Traditional animation (Also called cel animation) was the process
used for most animated films of the 20th century. The individual
frames of a traditionally animated film are photographs of drawings,
which are first drawn on paper. To create the illusion of movement,
each drawing differs slightly from the one before it. The animators'
drawings are traced or photocopied onto transparent acetate sheets
called cels, which are filled in with paints in assigned colors
or tones on the side opposite the line drawings. The completed
character cels are photographed one-by-one onto motion picture
film against a painted background by a rostrum camera.
The traditional cel animation process became obsolete by the
beginning of the 21st century. Today, animators' drawings and
the backgrounds are either scanned into or drawn directly into
a computer system. Various software programs are used to color
the drawings and simulate camera movement and effects. The final
animated piece is output to one of several delivery mediums, including
traditional 35 mm film and newer media such as digital video.
The "look" of traditional cel animation is still preserved,
and the character animators' work has remained essentially the
same over the past 70 years. Some animation producers have used
the term "tradigital" to describe cel animation which
makes extensive use of computer technology. Many early Disney films used cel frame animation.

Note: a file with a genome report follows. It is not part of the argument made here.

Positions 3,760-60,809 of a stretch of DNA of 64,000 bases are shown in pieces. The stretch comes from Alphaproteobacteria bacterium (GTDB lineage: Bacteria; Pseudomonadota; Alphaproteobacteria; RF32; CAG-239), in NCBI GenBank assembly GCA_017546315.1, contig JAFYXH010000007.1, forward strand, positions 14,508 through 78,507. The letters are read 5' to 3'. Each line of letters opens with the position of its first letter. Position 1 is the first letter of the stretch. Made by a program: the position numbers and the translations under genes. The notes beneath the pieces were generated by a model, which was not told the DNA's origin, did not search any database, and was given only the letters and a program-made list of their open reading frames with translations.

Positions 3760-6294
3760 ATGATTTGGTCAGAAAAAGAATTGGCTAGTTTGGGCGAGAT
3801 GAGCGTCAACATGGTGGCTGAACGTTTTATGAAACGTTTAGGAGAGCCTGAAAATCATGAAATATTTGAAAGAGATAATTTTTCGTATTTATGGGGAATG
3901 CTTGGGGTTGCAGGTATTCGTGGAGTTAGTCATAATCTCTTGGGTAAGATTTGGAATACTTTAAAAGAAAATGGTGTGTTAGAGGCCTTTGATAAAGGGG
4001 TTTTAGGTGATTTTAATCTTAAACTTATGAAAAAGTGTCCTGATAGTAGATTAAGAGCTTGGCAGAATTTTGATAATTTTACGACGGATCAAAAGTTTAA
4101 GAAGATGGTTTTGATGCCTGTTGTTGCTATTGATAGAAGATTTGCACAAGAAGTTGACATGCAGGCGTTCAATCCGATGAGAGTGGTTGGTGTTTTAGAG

Examples of traditionally animated feature films include Pinocchio
(United States, 1940), Animal Farm (United Kingdom, 1954), and
Akira (Japan, 1988). Traditional animated films which were produced
with the aid of computer technology include The Lion King (US,
1994) Sen to Chihiro no Kamikakushi (Spirited Away) (Japan, 2001),
and Les Triplettes de Belleville (2003).
Full animation refers to the process of producing high-quality
traditionally animated films, which regularly use detailed drawings
and plausible movement. Fully animated films can be done in a
variety of styles, from realistically designed works such as those
produced by the Walt
Disney studio, to the more "cartoony" styles of
those produced by the Warner Bros. animation studio. Many of the
Disney animated features are examples of full animation, as are
non-Disney works such as An American Tail (US, 1986) and The Iron
Giant (US, 1999)
Limited animation involves the use of less detailed and/or
more stylized drawings and methods of movement. Pioneered by the
artists at the American studio United Productions of America,
limited animation can be used as a method of stylized artistic
expression, as in Gerald
McBoing Boing (US, 1951), Yellow Submarine (UK, 1968), and
much of the anime produced in Japan. Its primary use, however,
has been in producing cost-effective animated content for media
such as television (the work of Hanna-Barbera, Filmation,
and other TV animation studios) and later the Internet (web cartoons).
Rotoscoping is a technique, patented by Max
Fleischer in 1917, where animators trace live-action movement,
frame by frame. The source film can be directly copyed from actors'
outlines into animated drawings, as in The Lord of the Rings (US,
1978), used as a basis and inspiration for character animation,
as in most Disney films, or used in a stylized and expressive
manner, as in Waking Life (US, 2001) and A Scanner Darkly (film)
Computer animation encompasses a variety of techniques, the unifying
idea being that the animation is created digitally on a computer.